DataSig Seminar

Please note that the list below only shows forthcoming events, which may not include regular events that have not yet been entered for the forthcoming term. Please see the past events page for a list of all seminar series that the department has on offer.

Past events in this series
27 January 2022
16:00
Andrew Stuart

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Abstract

Neural networks have shown great success at learning function approximators between spaces X and Y, in the setting where X is a finite dimensional Euclidean space and where Y is either a finite dimensional Euclidean space (regression) or a set of finite cardinality (classification); the neural networks learn the approximator from N data pairs {x_n, y_n}. In many problems arising in the physical and engineering sciences it is desirable to generalize this setting to learn operators between spaces of functions X and Y. The talk will overview recent work in this context.

Then the talk will focus on work aimed at addressing the problem of learning operators which define the constitutive model characterizing the macroscopic behaviour of multiscale materials arising in material modeling. Mathematically this corresponds to using machine learning to determine appropriate homogenized equations, using data generated at the microscopic scale. Applications to visco-elasticity and crystal-plasticity are given.

The join button will be published on the right (Above the view all button) 30 minutes before the seminar starts (login required).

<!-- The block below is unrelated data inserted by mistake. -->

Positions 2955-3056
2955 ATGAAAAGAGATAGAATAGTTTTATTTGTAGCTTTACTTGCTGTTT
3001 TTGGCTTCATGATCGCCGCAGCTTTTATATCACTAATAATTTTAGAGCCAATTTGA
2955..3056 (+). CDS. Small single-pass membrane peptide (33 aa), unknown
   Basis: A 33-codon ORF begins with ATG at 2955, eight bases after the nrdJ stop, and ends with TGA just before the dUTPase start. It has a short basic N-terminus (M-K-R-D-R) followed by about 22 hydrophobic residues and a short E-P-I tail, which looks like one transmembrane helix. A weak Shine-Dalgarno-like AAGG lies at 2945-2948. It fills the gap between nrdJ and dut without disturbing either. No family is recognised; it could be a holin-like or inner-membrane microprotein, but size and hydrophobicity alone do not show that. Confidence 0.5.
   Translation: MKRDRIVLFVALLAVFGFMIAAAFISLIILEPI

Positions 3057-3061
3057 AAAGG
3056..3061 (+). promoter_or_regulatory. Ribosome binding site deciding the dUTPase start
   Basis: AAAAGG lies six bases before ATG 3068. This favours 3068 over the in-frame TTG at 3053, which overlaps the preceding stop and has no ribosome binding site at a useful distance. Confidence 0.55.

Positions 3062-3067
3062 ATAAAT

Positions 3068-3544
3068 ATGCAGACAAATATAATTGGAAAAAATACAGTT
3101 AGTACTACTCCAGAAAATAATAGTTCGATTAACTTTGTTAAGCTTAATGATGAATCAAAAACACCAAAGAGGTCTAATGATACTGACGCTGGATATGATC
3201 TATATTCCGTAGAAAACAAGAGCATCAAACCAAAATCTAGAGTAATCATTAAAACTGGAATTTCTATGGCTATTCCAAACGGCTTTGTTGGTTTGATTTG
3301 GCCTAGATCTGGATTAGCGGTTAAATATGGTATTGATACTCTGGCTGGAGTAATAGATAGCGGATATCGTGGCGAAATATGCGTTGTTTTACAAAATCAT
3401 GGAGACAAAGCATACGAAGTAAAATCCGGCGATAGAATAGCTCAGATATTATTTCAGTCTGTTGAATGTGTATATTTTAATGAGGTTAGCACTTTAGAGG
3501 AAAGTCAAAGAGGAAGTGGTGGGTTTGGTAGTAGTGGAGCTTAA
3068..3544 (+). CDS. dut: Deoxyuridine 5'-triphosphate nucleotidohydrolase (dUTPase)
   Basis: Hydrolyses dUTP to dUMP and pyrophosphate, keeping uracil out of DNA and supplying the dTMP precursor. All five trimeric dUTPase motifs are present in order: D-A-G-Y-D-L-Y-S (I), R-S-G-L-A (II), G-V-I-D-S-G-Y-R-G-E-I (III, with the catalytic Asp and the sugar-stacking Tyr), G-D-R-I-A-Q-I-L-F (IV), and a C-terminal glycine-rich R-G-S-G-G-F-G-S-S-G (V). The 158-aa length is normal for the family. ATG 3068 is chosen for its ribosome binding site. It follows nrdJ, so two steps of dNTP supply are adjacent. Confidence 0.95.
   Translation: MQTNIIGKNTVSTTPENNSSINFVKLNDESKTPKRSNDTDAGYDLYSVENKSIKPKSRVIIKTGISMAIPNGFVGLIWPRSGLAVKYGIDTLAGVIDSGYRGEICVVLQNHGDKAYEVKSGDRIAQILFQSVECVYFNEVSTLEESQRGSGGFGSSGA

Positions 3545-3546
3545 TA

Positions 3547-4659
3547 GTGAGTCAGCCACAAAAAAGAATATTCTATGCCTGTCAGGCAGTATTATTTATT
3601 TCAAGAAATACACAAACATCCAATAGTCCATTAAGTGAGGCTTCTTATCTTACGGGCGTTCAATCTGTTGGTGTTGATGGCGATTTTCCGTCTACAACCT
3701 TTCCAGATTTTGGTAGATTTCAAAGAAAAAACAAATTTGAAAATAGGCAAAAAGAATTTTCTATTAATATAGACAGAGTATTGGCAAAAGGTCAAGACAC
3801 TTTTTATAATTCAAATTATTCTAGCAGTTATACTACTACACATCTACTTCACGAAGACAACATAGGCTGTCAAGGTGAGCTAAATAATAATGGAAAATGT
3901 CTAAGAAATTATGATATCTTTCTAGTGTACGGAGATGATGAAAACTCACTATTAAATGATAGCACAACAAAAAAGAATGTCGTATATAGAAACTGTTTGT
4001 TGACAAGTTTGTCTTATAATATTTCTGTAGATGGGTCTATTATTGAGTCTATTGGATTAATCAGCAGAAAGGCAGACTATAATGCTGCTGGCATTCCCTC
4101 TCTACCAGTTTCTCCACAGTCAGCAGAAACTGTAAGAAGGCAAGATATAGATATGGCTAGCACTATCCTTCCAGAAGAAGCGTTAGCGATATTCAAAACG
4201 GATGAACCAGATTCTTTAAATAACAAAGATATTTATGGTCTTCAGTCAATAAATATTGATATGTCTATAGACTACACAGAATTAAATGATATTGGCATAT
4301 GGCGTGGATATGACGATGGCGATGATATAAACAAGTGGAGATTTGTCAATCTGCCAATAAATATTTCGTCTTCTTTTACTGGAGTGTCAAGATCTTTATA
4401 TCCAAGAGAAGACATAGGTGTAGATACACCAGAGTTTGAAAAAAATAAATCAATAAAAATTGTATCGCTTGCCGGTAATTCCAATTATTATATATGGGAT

3 February 2022
16:00
Chris Oates

Further Information: 

Abstract

The use of heuristics to assess the convergence and compress the output of Markov chain Monte Carlo can be sub-optimal in terms of the empirical approximations that are produced. Here we consider the problem of retrospectively selecting a subset of states, of fixed cardinality, from the sample path such that the approximation provided by their empirical distribution is close to optimal. A novel method is proposed, based on greedy minimisation of a kernel Stein discrepancy, that is suitable for problems where heavy compression is required. Theoretical results guarantee consistency of the method and its effectiveness is demonstrated in the challenging context of parameter inference for ordinary differential equations. Software is available in the Stein Thinning package in Python, R and MATLAB.

The join button will be published on the right (Above the view all button) 30 minutes before the seminar starts (login required).

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